Social Castes

Doctrines The word "caste" is derived from the Portuguese casta, meaning "pure" or "chaste." The Sanskrit words varna and jati are commonly translated as "caste" but this is misleading and obscures important differences between them.
Varna refers to the form and colour of something and is used in the Rg Veda to differentiate the Aryans from the indigenous peoples. The Dharma Sutras and Dharma Sastras have a socio-religious stratification in a four-tiered ideal, the catur-varna, the four caste-orders. At the highest tier are the brahmans, priests, then come the ksatriyas, warriors, the vaisyas, commoners, yeomen farmers, and merchants, and the sudras, servants. From a very early time it seems that membership of each varna was determined by birth. The brahmans, ksatriyas, and vaisyas are dvija, twice-born, because they have a second, spiritual birth when they are invested with the sacred thread.
Jati comes from the root jan meaning "to beget" or "to produce" and is used to denote origin and the group or class which something belongs to. In terms of caste, jati is the social stratum in which one is born. One is fixed in a jati by birth and there are sets of rules governing acceptable occupations, foods, marriage, and association with other jatis. Though there are only four varnas, there are thousands of jatis. The jatis are the contemporary "castes."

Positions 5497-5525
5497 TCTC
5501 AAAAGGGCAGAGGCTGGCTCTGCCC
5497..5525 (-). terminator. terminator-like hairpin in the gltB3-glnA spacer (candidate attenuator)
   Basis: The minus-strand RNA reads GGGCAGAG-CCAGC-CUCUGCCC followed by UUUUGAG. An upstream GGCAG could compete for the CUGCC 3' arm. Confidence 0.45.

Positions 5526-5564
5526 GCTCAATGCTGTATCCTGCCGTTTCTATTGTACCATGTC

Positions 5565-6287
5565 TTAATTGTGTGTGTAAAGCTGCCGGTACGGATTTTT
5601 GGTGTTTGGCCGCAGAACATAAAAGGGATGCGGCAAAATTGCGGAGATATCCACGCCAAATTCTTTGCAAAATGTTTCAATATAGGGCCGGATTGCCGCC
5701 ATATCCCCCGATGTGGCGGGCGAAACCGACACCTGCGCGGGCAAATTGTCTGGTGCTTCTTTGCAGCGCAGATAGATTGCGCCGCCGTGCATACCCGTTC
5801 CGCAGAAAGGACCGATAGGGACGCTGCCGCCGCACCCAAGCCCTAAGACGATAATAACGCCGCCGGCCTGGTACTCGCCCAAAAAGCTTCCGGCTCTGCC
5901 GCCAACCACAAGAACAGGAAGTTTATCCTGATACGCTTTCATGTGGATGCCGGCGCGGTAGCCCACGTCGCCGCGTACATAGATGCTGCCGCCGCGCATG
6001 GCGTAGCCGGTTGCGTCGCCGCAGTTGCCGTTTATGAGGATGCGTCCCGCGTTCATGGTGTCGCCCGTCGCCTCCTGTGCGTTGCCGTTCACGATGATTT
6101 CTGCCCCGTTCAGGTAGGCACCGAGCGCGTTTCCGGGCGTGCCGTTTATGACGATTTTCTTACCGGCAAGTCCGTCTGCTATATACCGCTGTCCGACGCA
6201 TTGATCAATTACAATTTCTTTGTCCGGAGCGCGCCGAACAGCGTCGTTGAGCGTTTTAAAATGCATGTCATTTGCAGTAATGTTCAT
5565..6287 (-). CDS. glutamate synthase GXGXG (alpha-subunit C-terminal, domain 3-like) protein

The relationship between the varnas and jatis is complex. Some scholars believe the varnas evolved into the jatis. However, there is controversy over the varnas, whether they were marriage-restrictive and whether a considerable proportion of the population lived completely outside the varna structure. But many orthodox Hindus believe the original varnas are still in place and serve to express divine justice through the transmigration of souls. The varna-jati one is born into reflects the reward or punishment of each soul for its previous life. All the jatis of the brahmans link into the all-India brahmanavarna, which is the classical varna. A large number of jatis are considered by higher jatis to be outside the varna system; these are the untouchables. The actual rank of a jati is not so much due to social and occupational practices of the members but is more because of the purity of the souls of the members resulting from their previous lives.